NORMA, for instance, recently reduced the price of a 1 kilogram loaf of bread by 10 euro cents to 1.19 euros and ciabatta-style bread from 35 to 29 euro cents. But as with many other foods in Germany, highly discounted prices may come at the expense of quality.
In the case of Aldi, the German Bakers' Confederation has also accused the discounter of skimping on ingredients. It claims the mixed rye bread available in Aldi's bread machines only contain 34 percent rye flower, instead of the regulation 50 to 90 percent.
"Concepts like Lidl has are significantly more threatening than that of Aldi," Werner said. "It's very difficult - year after year our bakery branch looses a little bit of market share to the grocery industry."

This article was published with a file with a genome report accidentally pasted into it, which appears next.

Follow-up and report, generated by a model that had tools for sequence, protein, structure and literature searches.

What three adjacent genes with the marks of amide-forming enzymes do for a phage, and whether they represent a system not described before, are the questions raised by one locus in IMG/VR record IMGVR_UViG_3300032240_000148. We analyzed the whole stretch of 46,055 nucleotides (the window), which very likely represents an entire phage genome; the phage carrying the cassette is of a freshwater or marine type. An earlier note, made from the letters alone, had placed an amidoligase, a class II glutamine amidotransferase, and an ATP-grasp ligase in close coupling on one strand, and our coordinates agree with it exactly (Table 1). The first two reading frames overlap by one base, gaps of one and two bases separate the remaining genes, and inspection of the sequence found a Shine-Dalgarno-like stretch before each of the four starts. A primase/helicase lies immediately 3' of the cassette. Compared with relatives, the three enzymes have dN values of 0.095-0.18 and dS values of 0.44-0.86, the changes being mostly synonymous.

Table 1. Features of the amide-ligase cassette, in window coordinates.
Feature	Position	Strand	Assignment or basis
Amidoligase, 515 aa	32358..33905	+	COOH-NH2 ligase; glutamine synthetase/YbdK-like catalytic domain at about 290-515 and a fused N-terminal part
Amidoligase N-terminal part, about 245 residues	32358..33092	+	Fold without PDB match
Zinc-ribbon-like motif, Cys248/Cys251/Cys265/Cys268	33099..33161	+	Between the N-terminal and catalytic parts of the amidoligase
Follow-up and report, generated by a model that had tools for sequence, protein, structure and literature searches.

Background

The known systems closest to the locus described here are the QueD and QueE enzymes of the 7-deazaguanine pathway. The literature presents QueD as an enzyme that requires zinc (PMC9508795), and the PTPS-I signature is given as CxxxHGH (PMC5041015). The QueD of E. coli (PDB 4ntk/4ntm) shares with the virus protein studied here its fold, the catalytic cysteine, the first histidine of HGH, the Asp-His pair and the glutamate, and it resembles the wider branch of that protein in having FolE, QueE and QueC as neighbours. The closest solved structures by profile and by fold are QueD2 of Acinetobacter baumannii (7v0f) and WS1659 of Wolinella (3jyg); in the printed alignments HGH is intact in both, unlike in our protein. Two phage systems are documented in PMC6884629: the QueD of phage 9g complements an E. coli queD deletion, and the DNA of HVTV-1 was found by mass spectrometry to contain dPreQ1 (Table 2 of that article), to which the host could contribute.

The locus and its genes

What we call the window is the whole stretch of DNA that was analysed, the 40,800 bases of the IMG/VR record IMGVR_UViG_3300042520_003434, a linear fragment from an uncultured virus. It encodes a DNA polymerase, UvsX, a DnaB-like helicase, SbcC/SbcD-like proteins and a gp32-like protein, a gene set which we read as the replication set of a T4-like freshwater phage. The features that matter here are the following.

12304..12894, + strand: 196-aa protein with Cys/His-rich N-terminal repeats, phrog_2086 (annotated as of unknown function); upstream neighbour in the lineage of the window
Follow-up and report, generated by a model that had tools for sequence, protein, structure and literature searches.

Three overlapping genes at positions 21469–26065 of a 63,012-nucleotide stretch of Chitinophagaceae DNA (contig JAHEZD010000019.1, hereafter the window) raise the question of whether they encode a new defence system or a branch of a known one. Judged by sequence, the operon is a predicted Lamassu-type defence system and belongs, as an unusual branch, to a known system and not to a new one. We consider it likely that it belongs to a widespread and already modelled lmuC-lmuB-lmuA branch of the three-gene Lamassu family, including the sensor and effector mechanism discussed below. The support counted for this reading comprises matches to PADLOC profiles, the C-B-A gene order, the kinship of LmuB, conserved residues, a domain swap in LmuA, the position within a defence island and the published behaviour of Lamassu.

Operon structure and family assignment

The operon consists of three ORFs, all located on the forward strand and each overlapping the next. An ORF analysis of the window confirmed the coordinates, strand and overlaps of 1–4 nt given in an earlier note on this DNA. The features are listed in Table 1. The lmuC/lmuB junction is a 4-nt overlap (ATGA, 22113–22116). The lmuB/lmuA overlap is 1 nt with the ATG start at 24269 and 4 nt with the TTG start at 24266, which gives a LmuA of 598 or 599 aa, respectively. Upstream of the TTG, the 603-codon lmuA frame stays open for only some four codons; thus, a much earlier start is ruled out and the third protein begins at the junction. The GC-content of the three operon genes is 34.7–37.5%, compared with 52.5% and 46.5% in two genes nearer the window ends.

Author: Gerhard Schneibel
Editor: Kyle James
這種情形在中國大陸也很明顯，每個地方的人通常只吃那個地方的菜。即便是最靈光通達的上海人，日常用餐也難得逾越本幫與江浙菜的傳統。這當然沒什麼好壞對 錯，甚至可以說是最自然的狀態。但比較起來，台灣人因為長年受到族群遷徙融合的影響，口味明顯的雜而廣泛。賣包子、饅頭、刀削麵的店家往往與米粉、碗粿、 肉圓並列一條街，來客也不分族群，管你祖上是山東、客家、還是台南。不同的飲食傳統顯得稀鬆平常，因為完全被我們的肚子給內化了。
文化純粹論者或許惋歎世風日下，菜肴愈發欠缺道地。但我總覺得如果為了一個「道地」，硬把口味凝結在某個時空，未免有點畫地自限，因為食物和人一樣，是會 隨著時代與情勢演變的。為此，我們的江浙菜沒有上海吃到的那麼醬色深濃，我們的川菜也沒有四川吃到的那麼辣那麼油，甚至所謂的「川味牛肉麵」也創始於台 灣，總之就是本土化了的外省菜嘛！很通情達理啊！其實就連什麼算得上台灣代表性食物這件事，也不斷的在改變。廿年前，誰想得到台灣的「珍珠奶茶」會流傳到 世界各地，還常常附帶賣些「大腸包小腸」這種聽起來很奇怪的小吃呢？
所以我認為，與其在大陸興起的當下跟人家打道地，或是回歸狹義的本土，只承認閩南與原住民的傳統菜肴為正宗台灣菜，還不如自自然然的擁抱我們的多元背景。 且看當今全球美食界很受矚目的「加州菜」與「澳洲菜」，都是族群融合下的產物—它們主要以豐富的本土食材為依歸，再擷取歐亞各地的烹調與搭配手法，呈現出 符合地緣時令又有原創性的飲食，還造就了好幾個世界知名的大廚。回頭看台灣，我們的農產品本來就以種類和品質傲視全球，如果同樣以本土的優秀食材為取向， 並善用我們開放的味蕾和豐富的烹飪傳統，哪裡怕做不出有代表性的台灣菜呢？
近半年以來我住在上海，發現這裡到處都是台灣人開的餐廳。「永和豆漿大王」裡賣刈包也賣小餛飩，「鹿港小鎮」賣三杯雞也賣水煮牛，菜色的種類其實頗繁雜， 卻很清楚的讓人知道他們賣的是台灣菜；一來因為口味總有那麼點兒不一樣，二來因為他們清潔便利的小康形象很鮮明。再說十里洋場裡的老外特別愛去此地的「鼎 泰豐」吃小籠包，而且多半認定那是台灣菜，可見一道菜在人們心中隸屬哪個菜系，有時與傳統淵源沒有絕對的關係，反而深受周邊氛圍的影響。如果台灣菜能一直 與細膩的品管、舒適的環境和親切的服務畫上等號，哪裡怕沒有競爭力呢？